In 1 John 2, we are confronted with the incompatibility of someone who claims to know Jesus, but does not live like it. In v. 6, we are told, "Whoever claims to live in him must live as Jesus did." Earlier in the NT, Peter says, "For to this you have been called, because Christ also suffered for you, leaving you an example, so that you might follow in his steps" (1 Pet. 2:21).

Living as Jesus lived can mean many things. I'm not suggesting we let our hair grow long, wear a blue sash over our shoulders (if my Sunday School coloring sheets can be trusted), and walk everywhere we go. Rather, living like Jesus means we develop an unwavering commitment to accomplishing God's will for our life (John 17:4), even if it leads us down a path of suffering and affliction. In 1 Pet. 2:21, Peter says "For to this you have been called," meaning the suffering and affliction that comes from obeying authority figures who are abusive and unjust.

In many places, the church has become synonymous with law-abiding citizens who nonetheless show an unholy scorn and disdain for those different from them. If the early church was called to honor an emperor as immoral as Nero (1 Pet 2:17), then perhaps Christians can and should do better about respecting the Oval Office while at the same time bearing the prophetic mantle and calling for repentance.

This is just one of the many ways we can perhaps do a better job of living as Jesus lived. In a more general sense, the church is obligated to bear up under mistreatment with a profound, other-worldly spirit of grace instead of screaming about "rights" or whining about persecution. "When they hurled their insults at him, he did not retaliate; when he suffered, he made no threats. Instead, he entrusted himself to him who judges justly" (1 Pet 2:23). As did Christ, so must his church do.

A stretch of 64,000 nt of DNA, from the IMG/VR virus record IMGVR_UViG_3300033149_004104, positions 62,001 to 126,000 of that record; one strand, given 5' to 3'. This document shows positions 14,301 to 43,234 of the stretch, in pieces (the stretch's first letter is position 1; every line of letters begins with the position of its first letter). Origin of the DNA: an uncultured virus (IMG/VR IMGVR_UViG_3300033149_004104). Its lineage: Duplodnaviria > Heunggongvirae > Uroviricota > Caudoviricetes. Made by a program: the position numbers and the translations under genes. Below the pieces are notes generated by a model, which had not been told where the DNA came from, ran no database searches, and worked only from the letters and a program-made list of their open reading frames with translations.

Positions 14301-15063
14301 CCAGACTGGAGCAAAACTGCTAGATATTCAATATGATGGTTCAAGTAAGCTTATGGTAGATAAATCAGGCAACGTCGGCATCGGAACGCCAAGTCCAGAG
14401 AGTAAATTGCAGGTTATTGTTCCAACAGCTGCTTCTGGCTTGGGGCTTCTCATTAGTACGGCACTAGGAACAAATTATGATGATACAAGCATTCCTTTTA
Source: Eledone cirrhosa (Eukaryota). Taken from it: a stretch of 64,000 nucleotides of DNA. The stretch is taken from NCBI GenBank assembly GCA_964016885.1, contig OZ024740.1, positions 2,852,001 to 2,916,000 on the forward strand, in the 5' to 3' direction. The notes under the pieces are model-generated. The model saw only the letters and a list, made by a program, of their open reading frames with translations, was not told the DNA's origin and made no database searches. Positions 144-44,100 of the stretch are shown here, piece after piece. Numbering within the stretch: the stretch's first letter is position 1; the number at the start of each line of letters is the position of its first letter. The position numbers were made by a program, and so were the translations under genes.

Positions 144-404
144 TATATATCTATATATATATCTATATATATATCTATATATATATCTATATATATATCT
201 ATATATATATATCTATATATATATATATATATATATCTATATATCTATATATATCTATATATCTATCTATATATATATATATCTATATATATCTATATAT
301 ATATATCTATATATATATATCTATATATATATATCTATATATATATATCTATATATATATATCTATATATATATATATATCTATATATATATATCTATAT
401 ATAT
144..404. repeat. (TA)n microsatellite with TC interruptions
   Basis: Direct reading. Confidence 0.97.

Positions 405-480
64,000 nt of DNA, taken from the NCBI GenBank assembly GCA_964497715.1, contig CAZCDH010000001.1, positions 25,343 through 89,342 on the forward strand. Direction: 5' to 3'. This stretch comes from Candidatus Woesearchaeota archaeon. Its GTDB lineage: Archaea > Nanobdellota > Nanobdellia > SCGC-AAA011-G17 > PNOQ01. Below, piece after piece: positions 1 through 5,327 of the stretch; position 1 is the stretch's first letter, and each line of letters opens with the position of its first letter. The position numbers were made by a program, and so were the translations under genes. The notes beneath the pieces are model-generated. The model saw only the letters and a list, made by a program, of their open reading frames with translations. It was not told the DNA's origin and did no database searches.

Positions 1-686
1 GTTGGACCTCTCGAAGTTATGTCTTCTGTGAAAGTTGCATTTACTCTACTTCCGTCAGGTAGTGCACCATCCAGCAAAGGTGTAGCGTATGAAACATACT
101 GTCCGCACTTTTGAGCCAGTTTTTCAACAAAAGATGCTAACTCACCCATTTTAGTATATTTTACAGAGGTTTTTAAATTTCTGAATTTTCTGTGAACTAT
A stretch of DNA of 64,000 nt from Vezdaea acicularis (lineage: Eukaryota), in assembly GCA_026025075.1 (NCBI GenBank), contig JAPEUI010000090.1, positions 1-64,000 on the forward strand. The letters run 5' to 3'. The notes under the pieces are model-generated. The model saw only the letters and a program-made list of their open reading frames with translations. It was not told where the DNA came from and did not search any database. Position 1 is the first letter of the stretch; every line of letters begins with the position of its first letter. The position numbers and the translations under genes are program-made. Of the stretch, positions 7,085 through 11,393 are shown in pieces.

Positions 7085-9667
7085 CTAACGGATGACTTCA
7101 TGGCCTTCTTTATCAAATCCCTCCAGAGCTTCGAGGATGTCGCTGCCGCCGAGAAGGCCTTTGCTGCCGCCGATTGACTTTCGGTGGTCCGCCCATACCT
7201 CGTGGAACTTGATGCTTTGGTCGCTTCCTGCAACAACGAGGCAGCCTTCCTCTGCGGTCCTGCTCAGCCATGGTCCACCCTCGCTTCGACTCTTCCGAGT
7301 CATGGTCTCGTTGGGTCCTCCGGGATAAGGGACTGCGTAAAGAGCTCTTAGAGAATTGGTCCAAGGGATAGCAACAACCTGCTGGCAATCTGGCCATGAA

3. Being a church of Christ means we make much of Christ.

If she is not careful, a Church of Christ can become of a church that promotes everything and everyone else but Christ. These do not have to be bad things, but good things that are emphasized to an unhealthy degree. Some churches with a sign out front that reads "Church of Christ" are more well-known in their communities for things other than Jesus. They are the "You're the only ones going to heaven" church, or the "You have to be baptized to be saved" church, or the "Democrats and Gays are evil and the U.S. needs to get out of the U.N." church, or the "You can't read anything but the King James Version of the Bible" church, or the "You have to wear a nice suit and tie to worship or they won't talk to you" church, or the "You're going to hell if you worship with instruments" church, or the "You can't eat in the church building or support orphans' homes" church...